designed control console, this time to measure air mass, water vapor,
different wavelengths of sun radiation (safely), displayed on an LCD
A few extras like a compass and level, viewing filters, and a sun angle
scale are also included. Team this up with one of the electronic
from Radio Shack and you've got a really good weatherstation and
fun for amateur meteorologists. Look for our forthcoming review.
|Above: left: Close up of
breadboard. Unlike some electronics kits, the breadboard construction
allows the lab to use regular, off the shelf parts, like the resistor
and LED shown above. 75 jumper wires like the white one above,
color-coded by length, are also included.
right: As with his Engineers'
Notebooks series for Radio Shack, Forrest
draws every page of the lab books by hand. He also built and tested
every circuit. On page 14 in the Basic Electronics workbook, he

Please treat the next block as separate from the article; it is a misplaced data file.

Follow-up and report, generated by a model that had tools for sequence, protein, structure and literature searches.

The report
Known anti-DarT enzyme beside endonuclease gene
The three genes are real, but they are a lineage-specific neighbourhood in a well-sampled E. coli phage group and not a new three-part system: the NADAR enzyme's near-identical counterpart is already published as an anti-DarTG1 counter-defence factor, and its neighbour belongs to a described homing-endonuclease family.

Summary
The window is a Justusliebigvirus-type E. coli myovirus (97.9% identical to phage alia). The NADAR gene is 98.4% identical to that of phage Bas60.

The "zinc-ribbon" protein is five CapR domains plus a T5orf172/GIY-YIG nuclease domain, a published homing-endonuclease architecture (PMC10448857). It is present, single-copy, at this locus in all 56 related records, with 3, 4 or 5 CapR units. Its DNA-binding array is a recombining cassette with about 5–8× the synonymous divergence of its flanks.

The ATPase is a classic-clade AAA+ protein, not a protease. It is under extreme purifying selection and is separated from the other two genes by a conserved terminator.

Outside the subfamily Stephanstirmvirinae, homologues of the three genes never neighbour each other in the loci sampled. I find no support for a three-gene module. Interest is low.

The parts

contrasts two ways of drawing a circuit: as a pictorial view, or as a
circuit diagram, shown right, below.
Below: The lab includes two 96
page workbooks, jammed with
projects, some of which can be left built, and adapted into the next
one. If you build every project, by the end of the books, you'll know
electonics. The Radio Shack clerk told me that an instructor had been
in just before me and bought five Learning Labs for a tech school. Our
verdict of the Learning Lab: two thumbs waaaaay up.
left: The binary system
provides the basis for digital logic, as Forrest shows in Workbook II,
Digital Logic Projects.
right: On page 54, you build a binary adder, the
basis for the digital
more electronics sets under "Robot Kits and Building Sets" in the Robot Store).